Home space | Back to School

If your home looks more like a classroom with textbooks and assignments strewn about each school night, then it’s probably time to consider creating a dedicated study space.

If your home looks more like a classroom with textbooks and assignments strewn about each school night, then it’s probably time to consider creating a dedicated study space.

A designated space not only will allow you to reclaim your kitchen table, but it also will help teach the children how to keep themselves organized.

Here are some tips to get you started:

1. Find a dedicated space that’s big enough to set up a desk with a comfortable chair. Depending on your child’s age, learning style and amount of assistance required, this spot could be in a communal room, such as a kitchen or family room, or in the child’s bedroom. Your goal is to give them a spot where they can work at a table (instead of their lap) and have room to spread out all of their materials.

2. Keep an adjustable lamp and essential school supplies (pens, paper, folders, notebooks) within easy reach of the desk so your child doesn’t have a reason to roam. For older children, include extra charging cords for their technology. Keep everything tidy using labeled jars, containers and caddies. Don’t forget to include a trash/recycling can near the desk to encourage regular purges of older papers and other garbage from their backpacks.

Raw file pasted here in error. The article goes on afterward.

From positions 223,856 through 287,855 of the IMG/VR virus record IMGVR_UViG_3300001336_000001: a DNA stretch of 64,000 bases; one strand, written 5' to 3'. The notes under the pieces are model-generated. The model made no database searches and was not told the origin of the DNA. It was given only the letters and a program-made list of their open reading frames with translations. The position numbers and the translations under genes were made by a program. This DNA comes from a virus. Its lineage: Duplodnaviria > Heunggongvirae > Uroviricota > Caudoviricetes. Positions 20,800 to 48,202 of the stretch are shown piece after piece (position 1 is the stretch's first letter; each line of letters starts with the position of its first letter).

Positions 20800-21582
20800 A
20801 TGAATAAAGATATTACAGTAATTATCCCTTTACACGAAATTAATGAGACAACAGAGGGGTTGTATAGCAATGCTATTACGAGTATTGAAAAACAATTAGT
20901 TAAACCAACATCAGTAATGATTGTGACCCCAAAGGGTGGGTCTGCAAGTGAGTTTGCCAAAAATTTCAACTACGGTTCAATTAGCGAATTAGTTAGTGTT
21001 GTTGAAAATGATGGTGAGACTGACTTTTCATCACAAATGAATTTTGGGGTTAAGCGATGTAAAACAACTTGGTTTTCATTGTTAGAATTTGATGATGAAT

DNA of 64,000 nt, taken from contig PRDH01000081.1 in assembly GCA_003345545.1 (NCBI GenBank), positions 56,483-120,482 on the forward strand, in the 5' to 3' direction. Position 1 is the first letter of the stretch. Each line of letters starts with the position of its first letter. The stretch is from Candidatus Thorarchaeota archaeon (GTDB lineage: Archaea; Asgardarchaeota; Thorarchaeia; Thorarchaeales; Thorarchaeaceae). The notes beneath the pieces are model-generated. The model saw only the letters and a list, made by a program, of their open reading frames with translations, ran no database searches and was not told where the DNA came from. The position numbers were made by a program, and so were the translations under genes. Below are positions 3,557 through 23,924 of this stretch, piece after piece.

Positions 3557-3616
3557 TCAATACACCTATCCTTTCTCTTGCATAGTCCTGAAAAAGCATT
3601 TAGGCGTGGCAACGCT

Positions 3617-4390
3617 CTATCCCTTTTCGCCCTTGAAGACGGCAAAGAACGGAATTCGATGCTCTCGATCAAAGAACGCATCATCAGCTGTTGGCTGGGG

3. Install a heavy duty hook to the wall near the homework area so your child’s backpack (and homework assignments) are within reach. A bonus is that your child will always know where the backpack is (or should be anyway).

4. Set up two trays and label one “in” and the other “out,” and teach your child to place important permission slips and notes that need signed or reviewed by you in the “in” box. Place any documents that need to be returned to school in the “out” bin, ready for your child to pick up in the morning.

5. Erect a clock or timer nearby to help your child manage his or her own time. Devices, such as the Time Timer, allow children to visually see how much time they have left for a certain task even if they are not old enough to read a clock yet. A calendar with upcoming field trips, events, due dates and tests also can help older children stay motivated and learn how to manage their time accordingly.

Where to buy

The Repository
Select Rite Aid Stores
Spee-D Foods
Buehler's Fresh Foods
Fishers Foods, including 44th Street NW, Tuscarawas St. W, Fulton Drive, Lincoln Way E. and Cleveland Ave. NW locations
Aultman Hospital Gift Shop
Mercy Medical Center Gift Shop
Gervasi Vineyard Marketplace
Carpe Diem Coffee Shop, downtown Canton and Belden Village Mall locations
News Depot
Avenue Arts Marketplace
Yum Yum Tree Alliance
Grapes in a Glass